A team from Mexico’s National Institute for Forestry, Agriculture and Livestock Research (INIFAP) program earned the Borlaug Global Rust Initiative (BGRI) 2022 Gene Stewardship award for their long-term contribution to Mexican wheat cultivation and their efforts to expand impacts worldwide by emphasizing durable rust resistance.
The BGRI Gene Stewardship Award is the premier recognition for researchers serving a national breeding program or other nationally based institution for their contribution to wheat rust resistance research. The INIFAP team focused on research and breeding adult plant resistance (APR) to leaf rust and has released many resistant varieties, which led to the stabilization of leaf rust in bread wheat.
The award was presented September 9 at the BGRI 2022 Technical Workshop.
The team includes:
- Julio Huerta Espino (cereal breeder and pathologist)
- Héctor Eduardo Villaseñor Mir (cereal breeder)
- René Hortelano Santa Rosa (cereal breeder)
- Eliel Martínez Cruz, (cereal chemist)
- María Florencia Rodríguez García (cereal pathologist)
- Ernesto Solís Moya (wheat breeder)
- Jorge Iván Alvarado Padilla (wheat breeder)
“The INIFAP team’s success in achieving a high level of stable resistance sheds a hopeful light on the possibility that breeding resistance to one rust equals to breeding resistance to all rusts in wheat—one of the most meaningful ways to practice gene stewardship,” said Ronnie Coffman, vice-chair of the BGRI and professor emeritus of plant breeding and genetics at Cornell University.
Maricelis Acevedo, associate director for science for the BGRI and research professor of global development at Cornell, said “The wheat community is indebted to the INIFAP group for the wide range of populations, advanced breeding lines and cultivars adapted to multiple wheat environments that have become essential germplasm for validating new genomic breeding platforms. The rust resistance genes reliably phenotyped by the INIFAP team for decades has ensured the credibility of such DNA markers and supported the work of leading wheat molecular genetic laboratories around the world.”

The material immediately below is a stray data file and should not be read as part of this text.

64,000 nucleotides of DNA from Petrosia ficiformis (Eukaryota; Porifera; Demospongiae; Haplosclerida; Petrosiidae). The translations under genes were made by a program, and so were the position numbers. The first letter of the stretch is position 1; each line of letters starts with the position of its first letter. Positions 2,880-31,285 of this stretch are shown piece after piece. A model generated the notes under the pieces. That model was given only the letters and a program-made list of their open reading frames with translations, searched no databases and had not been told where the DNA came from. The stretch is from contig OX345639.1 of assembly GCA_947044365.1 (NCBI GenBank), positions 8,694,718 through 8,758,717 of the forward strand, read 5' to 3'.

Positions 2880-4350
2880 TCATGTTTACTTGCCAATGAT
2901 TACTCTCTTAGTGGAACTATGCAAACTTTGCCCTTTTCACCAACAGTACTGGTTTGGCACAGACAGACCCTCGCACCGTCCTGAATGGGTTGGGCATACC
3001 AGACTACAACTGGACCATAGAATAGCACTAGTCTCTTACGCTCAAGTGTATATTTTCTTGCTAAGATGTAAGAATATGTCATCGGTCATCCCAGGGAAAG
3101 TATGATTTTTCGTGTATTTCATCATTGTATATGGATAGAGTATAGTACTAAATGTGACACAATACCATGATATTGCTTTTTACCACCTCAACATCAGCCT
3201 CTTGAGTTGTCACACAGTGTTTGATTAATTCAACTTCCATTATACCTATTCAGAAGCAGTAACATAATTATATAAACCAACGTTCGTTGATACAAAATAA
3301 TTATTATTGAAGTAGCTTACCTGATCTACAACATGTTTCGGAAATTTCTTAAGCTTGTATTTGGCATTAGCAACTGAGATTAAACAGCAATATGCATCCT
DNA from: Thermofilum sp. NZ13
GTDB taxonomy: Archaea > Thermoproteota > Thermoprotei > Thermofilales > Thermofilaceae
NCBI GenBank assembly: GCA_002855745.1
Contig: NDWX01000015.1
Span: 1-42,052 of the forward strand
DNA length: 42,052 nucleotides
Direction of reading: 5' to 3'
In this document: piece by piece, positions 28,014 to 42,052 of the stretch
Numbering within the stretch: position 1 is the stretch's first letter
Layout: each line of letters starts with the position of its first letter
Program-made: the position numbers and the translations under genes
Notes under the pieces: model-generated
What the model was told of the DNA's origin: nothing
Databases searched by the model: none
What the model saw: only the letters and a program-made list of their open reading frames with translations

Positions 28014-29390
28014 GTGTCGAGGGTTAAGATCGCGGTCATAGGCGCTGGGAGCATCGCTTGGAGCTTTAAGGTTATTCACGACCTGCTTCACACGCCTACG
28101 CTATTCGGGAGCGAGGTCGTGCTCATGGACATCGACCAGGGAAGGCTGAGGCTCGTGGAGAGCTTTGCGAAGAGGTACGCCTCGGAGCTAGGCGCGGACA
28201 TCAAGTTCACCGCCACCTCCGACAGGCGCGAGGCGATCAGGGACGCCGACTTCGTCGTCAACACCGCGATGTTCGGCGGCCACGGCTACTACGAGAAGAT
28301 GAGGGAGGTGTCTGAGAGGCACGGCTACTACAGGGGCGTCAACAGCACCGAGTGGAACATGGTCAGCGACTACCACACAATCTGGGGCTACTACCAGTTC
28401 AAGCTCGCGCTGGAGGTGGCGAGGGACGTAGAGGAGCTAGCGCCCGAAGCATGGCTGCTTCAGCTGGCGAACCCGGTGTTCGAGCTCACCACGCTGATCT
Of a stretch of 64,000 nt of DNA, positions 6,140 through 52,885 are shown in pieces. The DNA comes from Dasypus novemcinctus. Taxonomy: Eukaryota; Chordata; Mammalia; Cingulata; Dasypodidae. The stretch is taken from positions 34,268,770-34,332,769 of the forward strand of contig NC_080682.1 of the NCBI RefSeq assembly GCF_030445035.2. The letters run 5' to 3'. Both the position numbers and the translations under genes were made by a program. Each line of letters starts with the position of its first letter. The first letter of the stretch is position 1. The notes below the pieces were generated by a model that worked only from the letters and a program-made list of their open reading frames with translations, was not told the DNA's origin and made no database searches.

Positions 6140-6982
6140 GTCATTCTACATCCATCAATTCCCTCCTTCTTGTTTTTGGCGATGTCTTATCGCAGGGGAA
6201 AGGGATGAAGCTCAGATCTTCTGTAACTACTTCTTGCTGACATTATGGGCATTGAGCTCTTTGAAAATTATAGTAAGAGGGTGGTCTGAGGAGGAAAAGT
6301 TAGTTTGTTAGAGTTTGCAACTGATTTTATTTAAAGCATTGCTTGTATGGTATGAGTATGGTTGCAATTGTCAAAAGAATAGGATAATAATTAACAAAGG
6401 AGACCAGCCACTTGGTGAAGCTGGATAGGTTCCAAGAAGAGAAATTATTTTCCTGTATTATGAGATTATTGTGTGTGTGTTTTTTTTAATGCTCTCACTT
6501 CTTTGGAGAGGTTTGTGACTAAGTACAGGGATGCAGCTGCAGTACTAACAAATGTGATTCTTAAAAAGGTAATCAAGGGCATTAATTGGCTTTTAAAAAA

The INIFAP group’s contributions to Mexican wheat production included the release of many high yielding wheat varieties with durable partial resistance to wheat rusts. Stem and leaf rusts were among the most widespread stresses of wheat in Mexico, causing yield losses sometimes just a few years after new resistant varieties were released due to rapid pathogen mutations. The deliberate selection and release of wheat varieties with partial rust resistance has stopped the boom-and-bust cycle of the rusts in Mexico and contributed to farmer’s income and care of the environment since these varieties do not require fungicide applications.
“The team from INIFAP, through hard work and dedication, has delivered wheat varieties with durable resistance to the wheat rust pathogens affecting Mexican wheat. This is a truly remarkable achievement that has had tremendous impact in Mexico and collaborating with CIMMYT has allowed those impacts to spread worldwide,” said Robert Park, the Judith & David Coffey Chair in Sustainable Agriculture at the University of Sydney.
“INIFAP’s work with CIMMYT to release varieties with APR to leaf rust has provided durable resistance for Mexico and averted major leaf rust epidemics on bread wheat for the past two decades. In addition, partnerships with the Kenya Agriculture and Livestock Organization (KALRO), and the Ethiopian Institute for Agricultural Research (EIAR) have facilitated the deployment of wheat varieties with adult plant resistance in Kenya and Ethiopia,” said Matt Rouse, Research Plant Pathologist with the USDA-ARS.
In the early 2000s, Nobel Prize-winner Norman Borlaug, Coffman and a team of researchers met to galvanize support for a global consortium of scientists to tackle the problem of Ug99. In 2008, Borlaug and Coffman founded the BGRI at Cornell University with partners from around the world. Since 2012, the BGRI has presented the Gene Stewardship Award in recognition of researchers serving a national breeding program or other nationally based institution. The Gene Stewardship Award has been presented to teams from Australia, Canada, Ethiopia, India, Kenya, Nepal and the United States.
The BGRI is funded through support from the Bill & Melinda Gates Foundation and the UK’s Foreign, Commonwealth and Development Office.